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Home / Chandigarh / No violation of fundamental rights in keeping religious places closed: Punjab, Haryana HC

No violation of fundamental rights in keeping religious places closed: Punjab, Haryana HC

Dismisses PIL of Malerkotla resident against keeping religious places closed during lockdown; court says freedom to religion is subject to public order, morality and public health

chandigarh Updated: May 23, 2020 23:28 IST
Surender Sharma
Surender Sharma
Hindustan Times, Chandigarh
Hindustantimes

The Punjab and Haryana high court has held that there is no violation of fundamental rights in keeping religious places closed due to the covid-19 outbreak. “Freedom to religion is subject to public order, morality and public health and there is no violation of religious rights of a community. It is an extraordinary situation. To safeguard the health of the society, restrictions have been imposed by closing down all the places of worship for public,” the bench of justice Rajiv Sharma and justice Ajay Tewari observed while dismissing a public interest litigation (PIL).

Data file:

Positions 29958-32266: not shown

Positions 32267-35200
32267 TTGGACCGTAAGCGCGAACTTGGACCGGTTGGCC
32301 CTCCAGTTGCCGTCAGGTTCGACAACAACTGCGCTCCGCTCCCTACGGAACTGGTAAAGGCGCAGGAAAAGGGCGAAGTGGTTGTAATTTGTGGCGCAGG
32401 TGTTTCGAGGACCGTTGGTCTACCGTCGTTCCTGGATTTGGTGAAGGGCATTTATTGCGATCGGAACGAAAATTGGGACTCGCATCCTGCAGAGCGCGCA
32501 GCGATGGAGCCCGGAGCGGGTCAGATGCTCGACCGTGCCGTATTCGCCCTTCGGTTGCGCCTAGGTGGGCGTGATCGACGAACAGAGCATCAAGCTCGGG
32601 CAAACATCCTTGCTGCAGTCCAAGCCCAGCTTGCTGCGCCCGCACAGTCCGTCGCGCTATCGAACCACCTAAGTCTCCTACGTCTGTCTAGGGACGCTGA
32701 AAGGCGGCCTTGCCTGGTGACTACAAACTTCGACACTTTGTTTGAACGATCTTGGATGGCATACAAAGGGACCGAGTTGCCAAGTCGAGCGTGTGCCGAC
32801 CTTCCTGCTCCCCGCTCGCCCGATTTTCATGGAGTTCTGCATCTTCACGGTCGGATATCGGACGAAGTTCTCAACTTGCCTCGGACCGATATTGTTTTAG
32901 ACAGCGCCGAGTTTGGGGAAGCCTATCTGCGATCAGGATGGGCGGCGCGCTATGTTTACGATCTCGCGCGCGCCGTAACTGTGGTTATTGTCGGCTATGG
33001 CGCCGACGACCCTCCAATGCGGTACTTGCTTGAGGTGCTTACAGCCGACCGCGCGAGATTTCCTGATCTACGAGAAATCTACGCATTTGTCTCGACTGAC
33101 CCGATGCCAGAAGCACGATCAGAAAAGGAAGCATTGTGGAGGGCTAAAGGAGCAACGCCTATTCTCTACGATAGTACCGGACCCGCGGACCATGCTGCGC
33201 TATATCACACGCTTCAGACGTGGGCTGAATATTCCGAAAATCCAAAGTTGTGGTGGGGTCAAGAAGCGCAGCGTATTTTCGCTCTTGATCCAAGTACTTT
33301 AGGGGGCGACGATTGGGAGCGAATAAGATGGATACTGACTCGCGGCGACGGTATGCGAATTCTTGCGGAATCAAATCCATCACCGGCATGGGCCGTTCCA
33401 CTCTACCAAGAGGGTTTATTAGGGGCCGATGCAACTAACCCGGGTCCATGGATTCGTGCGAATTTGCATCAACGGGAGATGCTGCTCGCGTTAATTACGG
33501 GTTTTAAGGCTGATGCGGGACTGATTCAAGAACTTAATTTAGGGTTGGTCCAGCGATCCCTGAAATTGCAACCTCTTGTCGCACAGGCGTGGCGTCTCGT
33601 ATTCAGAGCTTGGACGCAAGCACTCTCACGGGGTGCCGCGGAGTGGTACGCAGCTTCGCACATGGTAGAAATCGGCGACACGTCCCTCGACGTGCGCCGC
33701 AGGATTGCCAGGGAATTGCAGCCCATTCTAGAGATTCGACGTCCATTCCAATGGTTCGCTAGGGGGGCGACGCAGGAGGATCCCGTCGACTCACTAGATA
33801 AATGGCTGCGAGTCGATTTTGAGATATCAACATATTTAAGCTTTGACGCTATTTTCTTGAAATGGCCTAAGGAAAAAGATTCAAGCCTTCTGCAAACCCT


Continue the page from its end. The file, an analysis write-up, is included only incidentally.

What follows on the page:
Malerkotla resident Mubeen Farooqi had filed the PIL, alleging violation of fundamental rights of a person in keeping the religious places closed and allowing markets etc to open. He had challenged the March 24 guidelines of the Union home ministry, which were relaxed for other purposes from time to time but not for religious places. He had demanded that mosques be allowed to open on Eid and Gurdwaras be allowed to open on May 26 on the martyrdom day of Guru Arjan Dev.

The bench further observed that the scope of judicial interference in policy matters is very limited. The policy decision can be challenged only if it is unconstitutional, arbitrary or irrational. But in the case in hand there is no arbitrariness.

“The endeavour of the Union ministry of home affairs is to break the cycle by maintaining social distancing. The right of the state to impose restrictions, as are required or found necessary on the ground of public order, health and morality is inbuilt under Articles 25 and 26 of the Constitution of India,” the bench held, adding that the restrictions are in collective interest of the society at large. Articles 25 and 26 protect religious rights of a citizen, but with certain conditions such as public order, morality and health.

The court added that merely because restrictions had been relaxed in certain areas, it could not be a ground to relax the same for religious places of worship. The discretion not to permit opening of all the places of worship for public and prohibiting holding of religious congregations/gatherings has been exercised judiciously, it said.

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